Love. Listen/Observe/Read. Act. Repeat.

Monday, September 20, 2010

Guidepost Six

Ethical treatment decisions are readily accountable. For many providers, that means "do good and take data." For parents, that means a good treatment program with a well-trained provider is going to to have some measures that you can see and understand.

Those measurements will be organized, and accessible -- even older data. You should be able to make decisions in a timely way based on the data, too.

Here are some helpful hints from Shahla on evaluating accountability, with my lay-person translation, to help you know what to look for:

1. Operationally defined, observable responses.
Let's say you want to increase positive interactions between your child with autism and a sibling. There has to be a clear list of what's going to be defined as a positive interaction. In some families, for example, roughhousing could be a positive interaction. Make sure you know what is going to be tagged and how it will be counted.

2. Reliable observation systems.
Researchers have actually studied how observation is done, in other words, asking the question, "is this what I would have seen if I had been there?" The best example I know of this is the claim that discrete trial training "recovered" children from their autism. Shahla told me once that she had seen video of the people who had gone through the discrete trial training with Lovaas and she could see the autism was still there. In other words, whatever they measured was a recovered skill, not a recovered person. Each person using the measurement system should be measuring in about the same way.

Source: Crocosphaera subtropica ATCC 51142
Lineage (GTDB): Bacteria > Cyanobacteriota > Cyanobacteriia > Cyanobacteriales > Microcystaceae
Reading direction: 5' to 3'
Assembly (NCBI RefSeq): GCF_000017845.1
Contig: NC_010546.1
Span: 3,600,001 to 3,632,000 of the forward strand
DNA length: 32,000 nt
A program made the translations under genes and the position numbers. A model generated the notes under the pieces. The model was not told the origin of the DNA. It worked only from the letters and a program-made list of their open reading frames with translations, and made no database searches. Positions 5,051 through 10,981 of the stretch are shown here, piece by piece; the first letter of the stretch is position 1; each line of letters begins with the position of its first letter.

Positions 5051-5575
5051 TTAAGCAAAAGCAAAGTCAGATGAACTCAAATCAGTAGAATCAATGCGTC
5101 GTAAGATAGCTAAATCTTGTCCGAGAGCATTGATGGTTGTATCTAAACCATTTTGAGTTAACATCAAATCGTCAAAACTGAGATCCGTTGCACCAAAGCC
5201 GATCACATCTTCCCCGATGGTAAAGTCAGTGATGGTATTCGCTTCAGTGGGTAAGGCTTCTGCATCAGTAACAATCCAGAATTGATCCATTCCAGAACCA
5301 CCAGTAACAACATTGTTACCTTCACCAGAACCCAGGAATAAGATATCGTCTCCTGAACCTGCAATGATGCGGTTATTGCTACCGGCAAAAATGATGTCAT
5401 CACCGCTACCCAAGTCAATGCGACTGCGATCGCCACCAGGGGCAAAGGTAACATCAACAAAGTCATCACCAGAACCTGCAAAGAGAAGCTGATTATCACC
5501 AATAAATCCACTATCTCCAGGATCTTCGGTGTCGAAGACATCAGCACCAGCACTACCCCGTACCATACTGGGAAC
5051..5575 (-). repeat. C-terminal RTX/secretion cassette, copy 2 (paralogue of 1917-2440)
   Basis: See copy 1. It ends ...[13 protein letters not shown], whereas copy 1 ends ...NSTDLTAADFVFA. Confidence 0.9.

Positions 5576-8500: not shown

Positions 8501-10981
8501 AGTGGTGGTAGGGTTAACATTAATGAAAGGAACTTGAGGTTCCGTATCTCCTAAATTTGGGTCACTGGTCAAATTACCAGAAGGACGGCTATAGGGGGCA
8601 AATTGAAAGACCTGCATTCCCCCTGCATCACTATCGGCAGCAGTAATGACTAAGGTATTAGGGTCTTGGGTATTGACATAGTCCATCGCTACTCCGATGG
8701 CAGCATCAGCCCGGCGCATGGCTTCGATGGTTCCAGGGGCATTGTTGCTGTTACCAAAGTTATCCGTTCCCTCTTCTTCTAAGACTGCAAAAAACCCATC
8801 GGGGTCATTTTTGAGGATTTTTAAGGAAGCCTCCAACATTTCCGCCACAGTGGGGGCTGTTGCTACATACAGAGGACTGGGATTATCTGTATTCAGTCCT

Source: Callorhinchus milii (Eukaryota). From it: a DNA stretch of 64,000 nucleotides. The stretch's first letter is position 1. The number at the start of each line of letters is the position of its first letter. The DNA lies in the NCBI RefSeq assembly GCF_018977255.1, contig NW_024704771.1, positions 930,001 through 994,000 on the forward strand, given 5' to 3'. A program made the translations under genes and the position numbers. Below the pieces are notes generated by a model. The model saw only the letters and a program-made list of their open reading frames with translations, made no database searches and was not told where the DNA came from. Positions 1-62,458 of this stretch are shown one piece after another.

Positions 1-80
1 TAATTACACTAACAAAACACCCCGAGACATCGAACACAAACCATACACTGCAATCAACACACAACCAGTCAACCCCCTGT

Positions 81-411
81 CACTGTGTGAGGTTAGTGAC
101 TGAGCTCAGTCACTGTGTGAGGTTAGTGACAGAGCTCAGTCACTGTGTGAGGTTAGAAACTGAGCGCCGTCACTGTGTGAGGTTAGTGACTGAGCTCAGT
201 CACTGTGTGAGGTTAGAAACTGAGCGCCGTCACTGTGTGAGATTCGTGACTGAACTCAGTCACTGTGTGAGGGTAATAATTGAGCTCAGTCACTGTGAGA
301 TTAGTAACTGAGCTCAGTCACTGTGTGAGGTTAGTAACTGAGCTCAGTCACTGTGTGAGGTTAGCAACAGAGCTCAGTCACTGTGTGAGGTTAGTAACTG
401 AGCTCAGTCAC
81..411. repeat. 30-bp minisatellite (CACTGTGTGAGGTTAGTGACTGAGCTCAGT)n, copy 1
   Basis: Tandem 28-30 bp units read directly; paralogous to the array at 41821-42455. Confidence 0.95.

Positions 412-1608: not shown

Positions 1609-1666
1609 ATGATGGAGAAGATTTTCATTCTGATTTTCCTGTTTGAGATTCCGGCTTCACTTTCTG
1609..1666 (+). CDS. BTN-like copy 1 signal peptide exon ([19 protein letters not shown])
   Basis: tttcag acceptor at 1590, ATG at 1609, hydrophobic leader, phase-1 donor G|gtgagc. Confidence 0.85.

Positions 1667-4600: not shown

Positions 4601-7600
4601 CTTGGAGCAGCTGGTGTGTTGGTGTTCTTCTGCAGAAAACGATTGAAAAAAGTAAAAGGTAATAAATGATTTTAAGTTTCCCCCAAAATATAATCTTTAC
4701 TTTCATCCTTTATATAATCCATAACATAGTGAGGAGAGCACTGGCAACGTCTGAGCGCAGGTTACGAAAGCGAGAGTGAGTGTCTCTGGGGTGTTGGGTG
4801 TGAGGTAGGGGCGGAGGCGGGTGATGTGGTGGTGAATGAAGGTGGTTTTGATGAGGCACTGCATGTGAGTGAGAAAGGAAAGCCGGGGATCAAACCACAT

3. Muti-level observation systems.
Observation tools should handle both comprehensiveness and detail. Is there a tool that is evaluating the organization of the program? Is there a tool evaluating the activities? How about the interaction? For behavior analysts, video has proven to be valuable. For parents, that opportunity helps you see more objectively.

4. Social validity systems.
Look for a measurement system that lets you know whether your child is happy with the efforts and the effects. And maybe you, too.

5. Treatment fidelity systems.
Is someone measuring whether the treatment is being delivered in the manner it was meant to be delivered? There are always practical challenges in delivering a treatment. Measuring systems can ensure those challenges are being addressed.

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